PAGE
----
(Item 29)
29. A vaccine according to item 28, wherein the ratio is 2: 1, 3: 1, 4: 1, 5: 1, 10: 1 or more.
(Item 30)
(A) N. of cello group W135 capsular saccharide from N. meningitidis and (b) one or more additional cellogroups of N. A vaccine comprising a mixture with meningitidis derived capsular saccharide, wherein the immunogenicity of component (a) is greater than that of component (b) when administered in the absence of component (b) Vaccines that are higher when administered in the presence.
(Item 31)
N. of cello group W135. N. meningitidis capsular saccharide and one or more additional serogroups of N. A vaccine comprising a synergistic combination with capsular saccharide from meningitidis.
(Item 32)
32. The vaccine of item 30 or 31, wherein the one or more additional serogroups are selected from the group consisting of serogroup A, serogroup C and serogroup Y.
(Item 33)
N. of two or more cello groups. A vaccine comprising a mixture of capsular saccharide antigens from meningitidis, one of which is serogroup W135, where the immunogenicity of the saccharide antigen from serogroup W135 is determined by individual serogroup W135. A vaccine that is increased in the mixture when compared to membrane sugar.
(Item 34)
34. The vaccine of any one of items 28-33, wherein the capsular saccharide is conjugated to a carrier protein.
(Item 35)
The vaccine according to any one of items 28 to 34, wherein the capsular saccharide is an oligosaccharide.
(Item 36)
The carrier protein is CRM 197 36. A vaccine according to item 34 or 35, which is a diphtheria toxoid.
(Item 37)
N. of cello group W135. A method for increasing the immunogenicity of a capsular saccharide from Meningitidis, wherein the capsular polysaccharide is one or more additional serogroups of N. cerevisiae. The method is mixed with a capsular saccharide from meningitidis.
(Item 38)
38. The method of item 37, wherein the further cello group is selected from the group consisting of cello group A, cello group C, and cello group Y.
(Item 39)
39. The method of item 37 or 38, wherein the capsular saccharide is conjugated to a carrier protein.
(Item 40)
40. The method of item 39, wherein the capsular saccharide is an oligosaccharide.
(Item 41)
The carrier protein is CRM 197 41. A method according to item 39 or 40, wherein the method is diphtheria toxoid.
(Item 42)
Nero of cello group A, cello group C, cello group W135 and cello group Y. A vaccine comprising a capsular saccharide from at least two of Meningitidis, wherein the capsular saccharide is conjugated to a carrier protein.
(Item 43)
The carrier protein is CRM 197 43. A vaccine according to item 42, which is a diphtheria toxoid.
(Item 44)
44. The vaccine of item 42 or 43, wherein the capsular saccharide is an oligosaccharide.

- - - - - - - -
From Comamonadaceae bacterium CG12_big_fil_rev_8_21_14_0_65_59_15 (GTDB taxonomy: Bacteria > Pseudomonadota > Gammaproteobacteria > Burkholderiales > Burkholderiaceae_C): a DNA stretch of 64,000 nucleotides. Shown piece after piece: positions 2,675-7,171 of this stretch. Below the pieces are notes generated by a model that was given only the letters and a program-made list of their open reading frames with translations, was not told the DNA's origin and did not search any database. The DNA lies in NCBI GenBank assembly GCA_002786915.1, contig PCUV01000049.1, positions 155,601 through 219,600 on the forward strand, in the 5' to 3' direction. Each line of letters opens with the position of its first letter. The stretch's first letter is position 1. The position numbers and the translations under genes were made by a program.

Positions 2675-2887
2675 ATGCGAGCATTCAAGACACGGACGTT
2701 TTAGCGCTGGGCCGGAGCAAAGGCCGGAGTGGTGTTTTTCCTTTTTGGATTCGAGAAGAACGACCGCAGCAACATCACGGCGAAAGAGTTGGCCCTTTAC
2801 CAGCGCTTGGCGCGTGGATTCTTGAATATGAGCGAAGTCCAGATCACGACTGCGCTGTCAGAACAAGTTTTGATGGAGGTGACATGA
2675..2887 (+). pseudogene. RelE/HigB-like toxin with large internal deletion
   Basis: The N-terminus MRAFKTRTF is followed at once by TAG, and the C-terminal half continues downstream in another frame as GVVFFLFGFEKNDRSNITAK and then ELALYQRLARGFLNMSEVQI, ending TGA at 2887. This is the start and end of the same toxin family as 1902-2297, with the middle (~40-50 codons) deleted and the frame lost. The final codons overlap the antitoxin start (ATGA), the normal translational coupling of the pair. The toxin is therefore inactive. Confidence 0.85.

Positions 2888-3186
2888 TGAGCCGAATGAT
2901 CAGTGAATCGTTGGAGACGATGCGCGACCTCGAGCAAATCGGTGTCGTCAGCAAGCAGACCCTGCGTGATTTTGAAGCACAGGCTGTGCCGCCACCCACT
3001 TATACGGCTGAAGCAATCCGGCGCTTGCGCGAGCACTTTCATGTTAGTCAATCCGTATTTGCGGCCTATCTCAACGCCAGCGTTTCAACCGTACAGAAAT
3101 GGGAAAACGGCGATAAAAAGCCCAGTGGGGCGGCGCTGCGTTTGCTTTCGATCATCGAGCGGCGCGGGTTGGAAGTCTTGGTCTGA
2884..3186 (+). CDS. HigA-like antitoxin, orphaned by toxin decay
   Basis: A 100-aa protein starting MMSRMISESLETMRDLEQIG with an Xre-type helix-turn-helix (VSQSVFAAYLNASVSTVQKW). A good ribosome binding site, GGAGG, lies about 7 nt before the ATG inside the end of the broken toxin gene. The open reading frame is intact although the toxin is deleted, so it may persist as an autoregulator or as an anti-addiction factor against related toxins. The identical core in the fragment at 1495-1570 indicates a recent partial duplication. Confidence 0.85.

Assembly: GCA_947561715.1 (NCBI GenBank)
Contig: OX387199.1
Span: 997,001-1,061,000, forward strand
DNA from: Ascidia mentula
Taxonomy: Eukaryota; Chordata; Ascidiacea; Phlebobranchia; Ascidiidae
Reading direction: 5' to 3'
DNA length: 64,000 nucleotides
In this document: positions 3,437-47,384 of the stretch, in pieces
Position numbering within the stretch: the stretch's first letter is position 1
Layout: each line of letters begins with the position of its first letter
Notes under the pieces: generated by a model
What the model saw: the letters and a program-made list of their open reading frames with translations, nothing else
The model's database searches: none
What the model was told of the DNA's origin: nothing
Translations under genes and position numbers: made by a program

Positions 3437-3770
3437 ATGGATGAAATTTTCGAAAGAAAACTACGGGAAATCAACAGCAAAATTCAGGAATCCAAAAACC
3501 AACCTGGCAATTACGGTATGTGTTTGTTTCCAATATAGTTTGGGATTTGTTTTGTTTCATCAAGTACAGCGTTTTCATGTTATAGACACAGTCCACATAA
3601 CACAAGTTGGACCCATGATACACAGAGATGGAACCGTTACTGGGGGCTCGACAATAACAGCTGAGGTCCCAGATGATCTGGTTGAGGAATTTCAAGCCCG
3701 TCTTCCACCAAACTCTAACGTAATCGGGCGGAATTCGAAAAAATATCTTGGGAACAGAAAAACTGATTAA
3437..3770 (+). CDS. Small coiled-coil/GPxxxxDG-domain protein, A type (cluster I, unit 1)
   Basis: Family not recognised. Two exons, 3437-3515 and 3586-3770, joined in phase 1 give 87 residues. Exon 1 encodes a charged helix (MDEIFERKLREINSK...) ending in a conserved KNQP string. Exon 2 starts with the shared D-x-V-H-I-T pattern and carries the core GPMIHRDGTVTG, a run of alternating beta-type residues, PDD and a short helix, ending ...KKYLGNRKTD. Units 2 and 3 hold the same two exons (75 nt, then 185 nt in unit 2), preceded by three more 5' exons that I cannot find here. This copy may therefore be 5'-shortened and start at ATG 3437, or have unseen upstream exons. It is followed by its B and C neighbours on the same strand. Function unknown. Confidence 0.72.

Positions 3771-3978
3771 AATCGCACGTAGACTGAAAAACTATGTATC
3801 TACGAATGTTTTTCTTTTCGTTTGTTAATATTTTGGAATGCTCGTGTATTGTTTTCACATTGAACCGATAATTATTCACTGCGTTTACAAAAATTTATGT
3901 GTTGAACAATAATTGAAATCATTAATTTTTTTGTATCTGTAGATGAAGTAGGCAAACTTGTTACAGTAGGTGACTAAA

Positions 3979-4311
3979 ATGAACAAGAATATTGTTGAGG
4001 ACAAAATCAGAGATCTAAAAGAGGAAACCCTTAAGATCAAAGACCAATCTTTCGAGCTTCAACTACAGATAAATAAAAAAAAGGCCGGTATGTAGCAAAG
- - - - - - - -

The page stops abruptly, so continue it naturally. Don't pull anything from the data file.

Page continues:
(Item 45)
Nero of cello group A, cello group C, cello group W135 and cello group Y. A vaccine comprising a capsular saccharide from at least two of Meningitidis, wherein the capsular saccharide is an oligosaccharide.
(Item 46)
46. The vaccine of item 45, wherein the oligosaccharide is conjugated to a carrier protein.
(Item 47)
The carrier protein is CRM 197 46. The vaccine according to item 45, which is diphtheria toxoid.
(Item 48)
48. A vaccine according to any one of items 42 to 47, comprising sugars derived from cello group C and cello group Y.
(Item 49)
49. A vaccine according to any one of items 42 to 48, comprising sugars derived from cello group C, cello group W135, and cello group Y.
(Item 50)
50. The vaccine of any one of items 42 to 49, wherein the one or more sugars are adsorbed to an aluminum hydroxide adjuvant.
(Item 51)
51. A vaccine according to any one of items 42 to 50, wherein the vaccine comprises an aluminum phosphate adjuvant.
(Item 52)
(A) N. lyophilized form. capsular saccharide from serogroup A of meningitidis; and (b) N. of serogroup C, serogroup W135 and serogroup Y in liquid form A kit comprising a capsular saccharide from one or more of meningitidis.
(Item 53)
53. The kit of item 52, wherein the one or more sugars are conjugated to a carrier protein.
(Item 54)
54. A kit according to item 52 or 53, wherein the one or more sugars are oligosaccharides.
(Item 55)
55. A kit according to items 52, 53, or 54, wherein the one or more sugars are adsorbed to aluminum hydroxide.
(Item 56)
56. The kit according to any one of items 52 to 55, wherein the component (b) comprises an aluminum phosphate adjuvant.
(Item 57)
N. lyophilized form. A kit comprising a conjugated capsular oligosaccharide from Serogroup A of meningitidis, and (b) one or more additional antigens in liquid form.
(Item 58)
51. A method for preparing a vaccine according to any one of items 42-50, said method comprising: mixing a lyophilized capsular saccharide derived from serogroup A of meningitidis with a capsular saccharide derived from one or more of serogroup C, serogroup W135, and serogroup Y, wherein The method wherein the one or more sugars are in liquid form.
(Item 59)
59. The method of item 58, wherein the one or more sugars are conjugated to a carrier protein.
(Item 60)
60. The method of item 58 or 59, wherein the one or more sugars are oligosaccharides.
(Item 61)
61. The method of item 58, 59, or 60, wherein the one or more sugars are adsorbed to an aluminum hydroxide adjuvant.